The right to life and to protest
Its founding charter and its international commitments bind constitutional democracies like Colombia to protect all human rights, primarily the right to life. Yet, private security forces tasked with protecting large-scale mining companies throughout Colombia could become potential violators of this right. The military itself, which is tasked with protecting all citizens, has already been involved in killings of activists and local residents who oppose mining in their regions.
Two men involved in campaigns against transnational mining in their region were killed in 2006 by local batallions in the Souther region of the Bolivar department. The army justified these killings claiming the victims’ had been promoting an insurgent agenda in collaboration with the ELN –National Liberation Army. Both cases were later acknowledged to have been extrajudicial killings (i.e. false positives), and served as warning signs of further repression and violence in mining areas.
In these cases the right to life was related to the right to protest. The decades-long armed conflict in the country has made it easy for the government and local authorities to stigmatize legitimate protests by calling them guerilla infiltrations. In the face of upcoming large-scale mining activities in Colombia, increasing militarization of mineral-rich areas is likely. This prospect threatens the communities nearby, since the local army and police may throw a blind eye to human rights violations, allowing extrajudicial killings and suppressing social protest, as they respond to the pressure of protecting the area from opposition to mining activities.
The spread of mining corporations’ private security can exacerbate this phenomenon. In Guajira, private security agents of a coal-mining corporation known as Cerrejón plus the government’s anti-riots police have already been accused of beating up women and children who protest the company’s expansion in the region.
The right to your rights and truthful information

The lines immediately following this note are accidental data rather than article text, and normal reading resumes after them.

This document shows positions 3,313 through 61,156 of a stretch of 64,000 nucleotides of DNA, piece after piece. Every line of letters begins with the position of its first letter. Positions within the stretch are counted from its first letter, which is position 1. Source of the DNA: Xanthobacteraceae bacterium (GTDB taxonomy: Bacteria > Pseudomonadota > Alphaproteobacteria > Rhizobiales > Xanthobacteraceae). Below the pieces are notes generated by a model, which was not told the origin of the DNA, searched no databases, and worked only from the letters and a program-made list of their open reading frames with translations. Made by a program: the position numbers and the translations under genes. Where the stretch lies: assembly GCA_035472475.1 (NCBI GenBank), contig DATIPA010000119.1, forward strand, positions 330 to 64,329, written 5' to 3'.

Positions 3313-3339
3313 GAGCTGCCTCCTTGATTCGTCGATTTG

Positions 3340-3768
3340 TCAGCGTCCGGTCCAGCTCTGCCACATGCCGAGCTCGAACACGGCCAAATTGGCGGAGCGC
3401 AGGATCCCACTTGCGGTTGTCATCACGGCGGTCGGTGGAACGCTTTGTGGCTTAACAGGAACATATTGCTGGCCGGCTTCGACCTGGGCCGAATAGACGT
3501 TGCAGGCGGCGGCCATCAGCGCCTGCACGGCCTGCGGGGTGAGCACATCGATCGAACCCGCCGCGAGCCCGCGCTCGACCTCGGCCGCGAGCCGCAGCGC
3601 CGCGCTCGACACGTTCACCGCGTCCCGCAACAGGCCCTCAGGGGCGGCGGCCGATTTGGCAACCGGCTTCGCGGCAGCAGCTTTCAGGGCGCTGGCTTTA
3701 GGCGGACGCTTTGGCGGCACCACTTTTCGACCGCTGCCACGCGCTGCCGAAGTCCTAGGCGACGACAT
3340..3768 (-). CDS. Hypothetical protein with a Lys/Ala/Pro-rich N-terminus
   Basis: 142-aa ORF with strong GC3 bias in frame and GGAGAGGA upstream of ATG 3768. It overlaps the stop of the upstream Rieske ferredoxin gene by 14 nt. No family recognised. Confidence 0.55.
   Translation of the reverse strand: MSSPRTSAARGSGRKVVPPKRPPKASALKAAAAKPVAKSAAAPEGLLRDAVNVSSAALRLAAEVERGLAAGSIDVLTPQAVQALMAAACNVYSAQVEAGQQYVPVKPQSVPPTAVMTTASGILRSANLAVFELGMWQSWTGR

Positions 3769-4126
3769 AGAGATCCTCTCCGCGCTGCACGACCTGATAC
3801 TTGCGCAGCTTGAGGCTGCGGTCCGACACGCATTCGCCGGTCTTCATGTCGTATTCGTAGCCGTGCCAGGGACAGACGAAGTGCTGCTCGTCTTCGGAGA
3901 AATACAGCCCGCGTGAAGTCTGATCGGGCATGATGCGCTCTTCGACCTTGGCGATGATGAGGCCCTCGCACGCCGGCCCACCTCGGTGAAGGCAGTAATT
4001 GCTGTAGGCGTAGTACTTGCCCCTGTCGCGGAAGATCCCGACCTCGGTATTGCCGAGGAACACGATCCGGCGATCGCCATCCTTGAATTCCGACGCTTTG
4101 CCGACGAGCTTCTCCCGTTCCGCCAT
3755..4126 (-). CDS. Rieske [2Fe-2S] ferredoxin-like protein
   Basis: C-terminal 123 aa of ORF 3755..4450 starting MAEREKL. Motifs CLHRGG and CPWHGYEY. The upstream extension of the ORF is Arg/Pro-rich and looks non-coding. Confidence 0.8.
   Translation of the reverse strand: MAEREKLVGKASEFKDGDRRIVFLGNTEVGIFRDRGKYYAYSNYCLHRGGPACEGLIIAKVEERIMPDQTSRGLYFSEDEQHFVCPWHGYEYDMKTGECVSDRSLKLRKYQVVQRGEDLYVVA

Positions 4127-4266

Ethnic minorities in Colombia are also protected by human rights legislation, yet the government has been negligent in protecting these populations’ rights because doing so conflicts with mineral extraction. Indigenous people and Afro-Colombians have been historically harmed by colonization and slavery and continue to face large indexes of marginalization. These minority groups experience high poverty and political disenfranchisement, which translates into little ability to influence public policy, such as mining. Moreover, these populations face constant military repression promoted by a Bogota-biased cabinet.
In the midst of such adversity, Indigenous and Afro-Colombians have seen their government pay little attention to their internationally recognized human right to Free-Prior and Informed Consent (FPIC). An instrument that would otherwise bind the government to conduct an appropriate and timely negotiation with ethnic groups about the details of mineral extraction has been used to perform buy-and-sell transactions that are insulting to the spirit of the FPIC law.
Last year, instead of setting up a rigorous FPIC process, government officials were caught signing agreements with the Wayúu in Guajira. In the contract, the community was agreeing to trade the indigenous group’s local river for goats and construction materials, despite the fact that many of them did not know how to read and write. The government was taking advantage of indigenous peoples’ poverty and illiteracy to trick them into selling the water body they depend on, without a process sensitive to their cultural demands and material needs. Knowing the real cost of giving up your highly valued river, would you exchange it for a goat?